I'm starting with the assumption that you believe one query gets cached and not the other based on response time the second time you issue the query. If you're determining that the query isn't cached based on something else, please comment to that effect, explaining your precise observations and what you're expecting instead.
There are several reasons that come to mind why a query would not be cached (or would appear not to be cached). Here are some thoughts. Forgive me if I have stated the obvious:
If the 2nd table is particularly busy, anything that gets cached will be cached for such a short time that you'll never see it. As I mentioned in my response to "Qcache_free_memory not full yet I get alot of Qcache_lowmem_prunes" (where I went in to some detail about my finding while investigating the internals of the query cache on stock MySQL) --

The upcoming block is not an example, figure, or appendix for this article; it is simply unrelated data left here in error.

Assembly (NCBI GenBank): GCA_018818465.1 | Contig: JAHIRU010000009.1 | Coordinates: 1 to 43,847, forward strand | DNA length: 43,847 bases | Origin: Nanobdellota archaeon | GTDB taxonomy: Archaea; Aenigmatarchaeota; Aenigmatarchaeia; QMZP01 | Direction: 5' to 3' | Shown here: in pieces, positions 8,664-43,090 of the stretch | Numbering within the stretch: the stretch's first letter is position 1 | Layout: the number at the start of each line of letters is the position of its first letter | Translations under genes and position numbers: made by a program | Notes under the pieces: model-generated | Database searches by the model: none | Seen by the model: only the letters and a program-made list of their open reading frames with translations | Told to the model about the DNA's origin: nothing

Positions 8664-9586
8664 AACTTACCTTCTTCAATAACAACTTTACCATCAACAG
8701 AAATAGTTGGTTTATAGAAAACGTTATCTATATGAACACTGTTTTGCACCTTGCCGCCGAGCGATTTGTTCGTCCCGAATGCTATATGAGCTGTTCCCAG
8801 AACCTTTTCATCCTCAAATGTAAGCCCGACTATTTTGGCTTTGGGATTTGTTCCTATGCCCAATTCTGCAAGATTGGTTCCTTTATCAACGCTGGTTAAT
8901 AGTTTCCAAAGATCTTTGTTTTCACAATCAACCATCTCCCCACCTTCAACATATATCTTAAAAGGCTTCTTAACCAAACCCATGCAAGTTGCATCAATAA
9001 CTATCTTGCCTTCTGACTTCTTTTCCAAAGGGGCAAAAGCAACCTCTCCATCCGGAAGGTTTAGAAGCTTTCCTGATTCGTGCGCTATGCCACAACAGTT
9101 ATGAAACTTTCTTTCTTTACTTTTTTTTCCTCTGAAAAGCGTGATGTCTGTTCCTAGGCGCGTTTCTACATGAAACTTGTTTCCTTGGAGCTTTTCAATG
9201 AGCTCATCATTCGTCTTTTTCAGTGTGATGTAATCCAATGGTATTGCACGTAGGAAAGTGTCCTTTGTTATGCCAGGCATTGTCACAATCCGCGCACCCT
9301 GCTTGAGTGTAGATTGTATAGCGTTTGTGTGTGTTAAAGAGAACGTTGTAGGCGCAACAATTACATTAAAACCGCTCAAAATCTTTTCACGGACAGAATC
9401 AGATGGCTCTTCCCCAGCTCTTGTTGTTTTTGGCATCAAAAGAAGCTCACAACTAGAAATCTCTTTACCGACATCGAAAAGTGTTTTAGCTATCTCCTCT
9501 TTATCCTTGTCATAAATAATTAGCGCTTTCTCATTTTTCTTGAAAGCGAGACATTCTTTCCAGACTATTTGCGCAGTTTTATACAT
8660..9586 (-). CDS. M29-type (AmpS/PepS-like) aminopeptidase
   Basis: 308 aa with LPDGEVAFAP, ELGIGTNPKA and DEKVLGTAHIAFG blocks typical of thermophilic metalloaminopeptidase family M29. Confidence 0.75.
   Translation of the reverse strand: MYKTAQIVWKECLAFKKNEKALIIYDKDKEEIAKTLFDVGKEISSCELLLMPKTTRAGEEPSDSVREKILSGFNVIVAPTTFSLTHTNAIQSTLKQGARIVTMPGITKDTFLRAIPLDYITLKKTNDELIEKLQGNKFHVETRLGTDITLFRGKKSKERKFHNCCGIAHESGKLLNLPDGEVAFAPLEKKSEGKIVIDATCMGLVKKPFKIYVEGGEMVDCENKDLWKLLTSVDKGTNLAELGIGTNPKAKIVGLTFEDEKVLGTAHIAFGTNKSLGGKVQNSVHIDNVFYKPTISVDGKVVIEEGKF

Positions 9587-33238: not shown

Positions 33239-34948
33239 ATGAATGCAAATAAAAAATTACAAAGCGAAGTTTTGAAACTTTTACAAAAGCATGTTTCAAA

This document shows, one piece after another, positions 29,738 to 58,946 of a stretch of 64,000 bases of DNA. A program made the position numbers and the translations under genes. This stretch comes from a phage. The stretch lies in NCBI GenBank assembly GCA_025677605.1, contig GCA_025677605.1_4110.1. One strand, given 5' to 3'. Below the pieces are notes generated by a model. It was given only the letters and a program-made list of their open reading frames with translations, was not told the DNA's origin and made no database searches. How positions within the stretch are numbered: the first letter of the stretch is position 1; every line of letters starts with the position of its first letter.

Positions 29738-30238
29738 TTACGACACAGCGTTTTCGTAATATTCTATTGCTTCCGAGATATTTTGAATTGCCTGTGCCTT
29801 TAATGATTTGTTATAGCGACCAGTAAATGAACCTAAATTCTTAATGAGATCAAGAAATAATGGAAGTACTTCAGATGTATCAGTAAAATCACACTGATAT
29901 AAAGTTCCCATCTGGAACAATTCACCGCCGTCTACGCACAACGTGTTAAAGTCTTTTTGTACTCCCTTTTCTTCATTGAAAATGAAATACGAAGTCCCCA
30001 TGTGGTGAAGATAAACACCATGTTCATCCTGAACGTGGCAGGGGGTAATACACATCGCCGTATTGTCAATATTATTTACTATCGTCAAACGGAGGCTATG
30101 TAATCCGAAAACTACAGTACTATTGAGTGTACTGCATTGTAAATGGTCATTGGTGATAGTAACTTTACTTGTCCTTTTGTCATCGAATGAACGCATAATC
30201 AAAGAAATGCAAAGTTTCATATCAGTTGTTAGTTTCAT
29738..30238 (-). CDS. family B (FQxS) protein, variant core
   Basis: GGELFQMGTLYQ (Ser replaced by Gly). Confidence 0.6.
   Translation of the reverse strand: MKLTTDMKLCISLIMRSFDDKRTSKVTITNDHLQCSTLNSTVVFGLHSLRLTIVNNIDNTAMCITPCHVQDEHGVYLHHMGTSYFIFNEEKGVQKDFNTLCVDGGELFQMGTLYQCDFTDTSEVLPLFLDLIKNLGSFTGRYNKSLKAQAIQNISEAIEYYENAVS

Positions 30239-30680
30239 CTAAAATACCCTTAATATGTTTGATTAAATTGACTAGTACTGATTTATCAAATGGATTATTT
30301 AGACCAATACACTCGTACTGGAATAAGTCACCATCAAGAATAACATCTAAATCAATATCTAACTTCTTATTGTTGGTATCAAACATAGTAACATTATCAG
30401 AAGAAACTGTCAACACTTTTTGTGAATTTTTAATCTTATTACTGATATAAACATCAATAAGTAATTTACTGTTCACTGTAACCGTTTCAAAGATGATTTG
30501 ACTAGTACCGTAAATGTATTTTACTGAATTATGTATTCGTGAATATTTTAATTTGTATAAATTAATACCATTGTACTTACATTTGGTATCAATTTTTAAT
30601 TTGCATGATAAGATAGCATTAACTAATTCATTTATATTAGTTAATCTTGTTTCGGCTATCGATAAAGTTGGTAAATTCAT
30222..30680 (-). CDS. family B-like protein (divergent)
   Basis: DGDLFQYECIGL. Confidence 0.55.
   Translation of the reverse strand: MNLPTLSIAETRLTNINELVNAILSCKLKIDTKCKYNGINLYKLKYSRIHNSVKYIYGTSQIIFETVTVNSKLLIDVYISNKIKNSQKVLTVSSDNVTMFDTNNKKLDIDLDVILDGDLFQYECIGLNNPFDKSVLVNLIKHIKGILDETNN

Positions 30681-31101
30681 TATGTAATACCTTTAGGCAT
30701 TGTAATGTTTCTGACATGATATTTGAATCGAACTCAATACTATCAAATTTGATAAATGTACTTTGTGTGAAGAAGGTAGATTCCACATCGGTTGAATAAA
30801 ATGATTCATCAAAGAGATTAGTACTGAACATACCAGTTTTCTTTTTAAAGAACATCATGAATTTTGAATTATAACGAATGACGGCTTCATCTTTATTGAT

Any time the data in a table referenced by a cached query changes, all of the queries that involved that table are removed from the cache -- even if the change doesn't impact the cached results. This is even true if a table changes, but doesn't change, as in the case of an InnoDB transaction that is rolled back. The query cache entries referencing that table were already purged.
`query_cache_limit` = 10485760
This setting would prevent a resultset larger than 10MB from being cached. Adding the 2nd table will obviously increase the size of the resultset but without more information, it isn't apparent how much.
If the 2nd table is partitioned, the query will not be cached because the query cache does not work with partitioned tables (at least in MySQL 5.6; unsure about Percona Server).
The query cache operates on the query string submitted by the client before it reaches the
parser -- for a subsequent query to be served from the cache, it must be byte-by-byte identical to the prior query that was cached. If you don't submit precisely the same query each time, you won't get a cached result.